The World Health Organization has approved a new vaccine which, according to Médecins Sans Frontières (MSF) will protect 55 million children from poorer countries from contracting pneumonia, the biggest childhood killer, and which can result in meningitis and septicaemia.
The bacteria which causes pneumonia is estimated to cause nearly 400,000 deaths each year in children under 5 worldwide.
The new vaccine, called Pneumosil, will be manufactured by the Serum Institute of India. Pneumosil is much cheaper than the existing vaccines, which means immunisations are now within the reach of millions of children in low and middle-income countries who are currently unprotected from death and disability which can result from pneumococcal meningitis.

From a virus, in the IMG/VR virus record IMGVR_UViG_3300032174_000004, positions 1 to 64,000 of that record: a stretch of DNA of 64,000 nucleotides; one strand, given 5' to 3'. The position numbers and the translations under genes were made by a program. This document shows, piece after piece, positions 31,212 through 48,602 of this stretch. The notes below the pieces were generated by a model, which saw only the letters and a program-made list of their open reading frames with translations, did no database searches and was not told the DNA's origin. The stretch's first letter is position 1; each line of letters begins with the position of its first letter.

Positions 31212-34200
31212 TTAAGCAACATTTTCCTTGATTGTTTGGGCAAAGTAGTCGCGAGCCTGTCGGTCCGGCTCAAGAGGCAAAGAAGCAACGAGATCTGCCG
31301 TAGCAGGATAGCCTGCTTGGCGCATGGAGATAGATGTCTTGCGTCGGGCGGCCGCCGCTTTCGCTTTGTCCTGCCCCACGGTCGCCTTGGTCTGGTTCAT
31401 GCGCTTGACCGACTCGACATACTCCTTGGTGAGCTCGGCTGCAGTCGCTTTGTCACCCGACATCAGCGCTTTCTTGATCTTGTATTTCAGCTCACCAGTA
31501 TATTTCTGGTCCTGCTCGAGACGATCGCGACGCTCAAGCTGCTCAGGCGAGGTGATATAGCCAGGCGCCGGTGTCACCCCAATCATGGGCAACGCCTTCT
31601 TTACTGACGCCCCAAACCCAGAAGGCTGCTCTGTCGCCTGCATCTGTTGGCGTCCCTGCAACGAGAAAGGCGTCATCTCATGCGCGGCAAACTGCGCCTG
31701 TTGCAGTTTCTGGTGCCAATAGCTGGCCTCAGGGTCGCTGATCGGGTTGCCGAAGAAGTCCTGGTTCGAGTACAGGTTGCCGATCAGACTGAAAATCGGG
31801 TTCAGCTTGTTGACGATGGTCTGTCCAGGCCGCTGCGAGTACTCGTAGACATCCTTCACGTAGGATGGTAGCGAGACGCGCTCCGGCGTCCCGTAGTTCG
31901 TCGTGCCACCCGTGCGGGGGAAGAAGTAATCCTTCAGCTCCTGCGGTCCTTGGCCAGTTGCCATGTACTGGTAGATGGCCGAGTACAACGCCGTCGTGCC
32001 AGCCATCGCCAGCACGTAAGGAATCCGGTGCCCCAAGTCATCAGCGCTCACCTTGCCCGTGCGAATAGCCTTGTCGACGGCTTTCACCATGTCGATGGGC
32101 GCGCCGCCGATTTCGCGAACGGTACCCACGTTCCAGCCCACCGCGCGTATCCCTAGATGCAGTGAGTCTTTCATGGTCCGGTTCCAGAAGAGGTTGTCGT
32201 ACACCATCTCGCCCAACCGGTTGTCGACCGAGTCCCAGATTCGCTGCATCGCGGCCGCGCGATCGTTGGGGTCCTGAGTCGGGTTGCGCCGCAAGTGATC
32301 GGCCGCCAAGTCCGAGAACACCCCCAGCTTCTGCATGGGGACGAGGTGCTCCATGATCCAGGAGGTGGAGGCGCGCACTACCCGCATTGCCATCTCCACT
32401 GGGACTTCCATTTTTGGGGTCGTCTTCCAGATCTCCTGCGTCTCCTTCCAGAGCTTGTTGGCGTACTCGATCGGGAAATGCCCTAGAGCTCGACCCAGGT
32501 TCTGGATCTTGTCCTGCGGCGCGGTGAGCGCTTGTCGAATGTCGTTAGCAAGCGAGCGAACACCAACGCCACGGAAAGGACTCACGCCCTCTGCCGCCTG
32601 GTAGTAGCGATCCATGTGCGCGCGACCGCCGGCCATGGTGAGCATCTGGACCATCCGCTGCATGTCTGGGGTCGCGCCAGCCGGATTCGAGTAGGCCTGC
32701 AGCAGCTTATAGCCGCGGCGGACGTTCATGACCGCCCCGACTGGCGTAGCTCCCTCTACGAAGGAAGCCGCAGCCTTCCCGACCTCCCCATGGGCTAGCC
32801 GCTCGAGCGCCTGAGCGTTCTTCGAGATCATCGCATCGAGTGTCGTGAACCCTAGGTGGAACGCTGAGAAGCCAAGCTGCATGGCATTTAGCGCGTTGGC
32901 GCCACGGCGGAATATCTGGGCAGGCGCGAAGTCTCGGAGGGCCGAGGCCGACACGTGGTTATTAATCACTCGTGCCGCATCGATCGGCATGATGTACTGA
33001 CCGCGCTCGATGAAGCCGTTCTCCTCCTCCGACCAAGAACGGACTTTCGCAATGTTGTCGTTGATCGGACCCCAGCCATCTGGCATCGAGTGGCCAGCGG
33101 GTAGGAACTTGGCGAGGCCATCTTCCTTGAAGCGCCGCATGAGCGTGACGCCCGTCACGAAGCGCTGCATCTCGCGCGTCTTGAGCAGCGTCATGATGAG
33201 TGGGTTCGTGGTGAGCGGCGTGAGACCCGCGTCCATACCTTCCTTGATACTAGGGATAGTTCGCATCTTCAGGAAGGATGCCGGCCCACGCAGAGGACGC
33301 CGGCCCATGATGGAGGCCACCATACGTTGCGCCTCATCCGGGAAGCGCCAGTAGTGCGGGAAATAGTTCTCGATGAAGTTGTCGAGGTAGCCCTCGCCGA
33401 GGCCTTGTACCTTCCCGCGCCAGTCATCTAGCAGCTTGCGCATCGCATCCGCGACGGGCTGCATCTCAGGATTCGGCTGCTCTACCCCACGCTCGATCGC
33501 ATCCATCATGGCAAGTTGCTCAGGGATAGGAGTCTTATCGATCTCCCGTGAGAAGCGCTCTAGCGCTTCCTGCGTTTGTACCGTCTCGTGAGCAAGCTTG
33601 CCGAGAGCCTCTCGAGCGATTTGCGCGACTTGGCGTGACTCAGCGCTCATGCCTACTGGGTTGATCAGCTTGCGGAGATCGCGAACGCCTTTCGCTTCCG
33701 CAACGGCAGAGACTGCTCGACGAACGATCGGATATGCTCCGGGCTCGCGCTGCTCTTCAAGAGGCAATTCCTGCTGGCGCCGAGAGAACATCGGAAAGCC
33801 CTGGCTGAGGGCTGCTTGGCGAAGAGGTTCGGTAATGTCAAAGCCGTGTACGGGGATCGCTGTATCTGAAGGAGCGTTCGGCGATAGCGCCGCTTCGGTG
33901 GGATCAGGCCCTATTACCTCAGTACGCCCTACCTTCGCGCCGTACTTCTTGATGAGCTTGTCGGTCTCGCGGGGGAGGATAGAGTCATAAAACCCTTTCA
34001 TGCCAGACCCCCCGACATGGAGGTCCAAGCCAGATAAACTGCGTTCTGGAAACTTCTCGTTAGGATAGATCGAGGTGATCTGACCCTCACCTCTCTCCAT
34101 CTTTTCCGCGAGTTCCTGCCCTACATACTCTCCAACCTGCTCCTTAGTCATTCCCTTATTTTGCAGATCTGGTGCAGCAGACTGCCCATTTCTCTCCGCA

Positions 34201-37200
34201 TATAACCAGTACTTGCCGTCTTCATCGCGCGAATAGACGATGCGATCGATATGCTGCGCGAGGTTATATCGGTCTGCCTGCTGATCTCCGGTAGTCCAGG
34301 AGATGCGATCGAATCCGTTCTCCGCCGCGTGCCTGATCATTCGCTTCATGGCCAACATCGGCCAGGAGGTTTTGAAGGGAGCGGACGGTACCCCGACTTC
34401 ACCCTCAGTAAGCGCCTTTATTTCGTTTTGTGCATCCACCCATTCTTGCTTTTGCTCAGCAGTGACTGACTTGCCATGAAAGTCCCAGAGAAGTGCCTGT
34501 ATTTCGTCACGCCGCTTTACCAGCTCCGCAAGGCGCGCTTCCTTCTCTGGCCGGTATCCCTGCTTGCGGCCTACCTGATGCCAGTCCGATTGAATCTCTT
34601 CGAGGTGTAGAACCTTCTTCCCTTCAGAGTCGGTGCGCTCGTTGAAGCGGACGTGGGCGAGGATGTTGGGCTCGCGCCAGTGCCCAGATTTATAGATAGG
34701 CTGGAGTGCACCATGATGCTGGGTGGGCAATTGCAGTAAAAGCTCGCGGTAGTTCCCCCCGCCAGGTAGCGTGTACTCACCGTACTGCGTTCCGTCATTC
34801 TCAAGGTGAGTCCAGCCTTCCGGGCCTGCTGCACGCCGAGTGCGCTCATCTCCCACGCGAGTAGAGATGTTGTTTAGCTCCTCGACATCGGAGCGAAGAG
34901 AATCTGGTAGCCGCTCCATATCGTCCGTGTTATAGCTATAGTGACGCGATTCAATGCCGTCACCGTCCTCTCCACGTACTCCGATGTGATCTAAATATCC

MRF’s goal is to see fewer people get meningitis and septicaemia, and to do this effective vaccines should be in place everywhere to protect people most at risk. Widening worldwide access to life-saving vaccines is a critical step forward on the path to defeat meningitis by 2030.
The vaccine is listed on WHO’s prequalification site and the news was announced by MSF and PATH.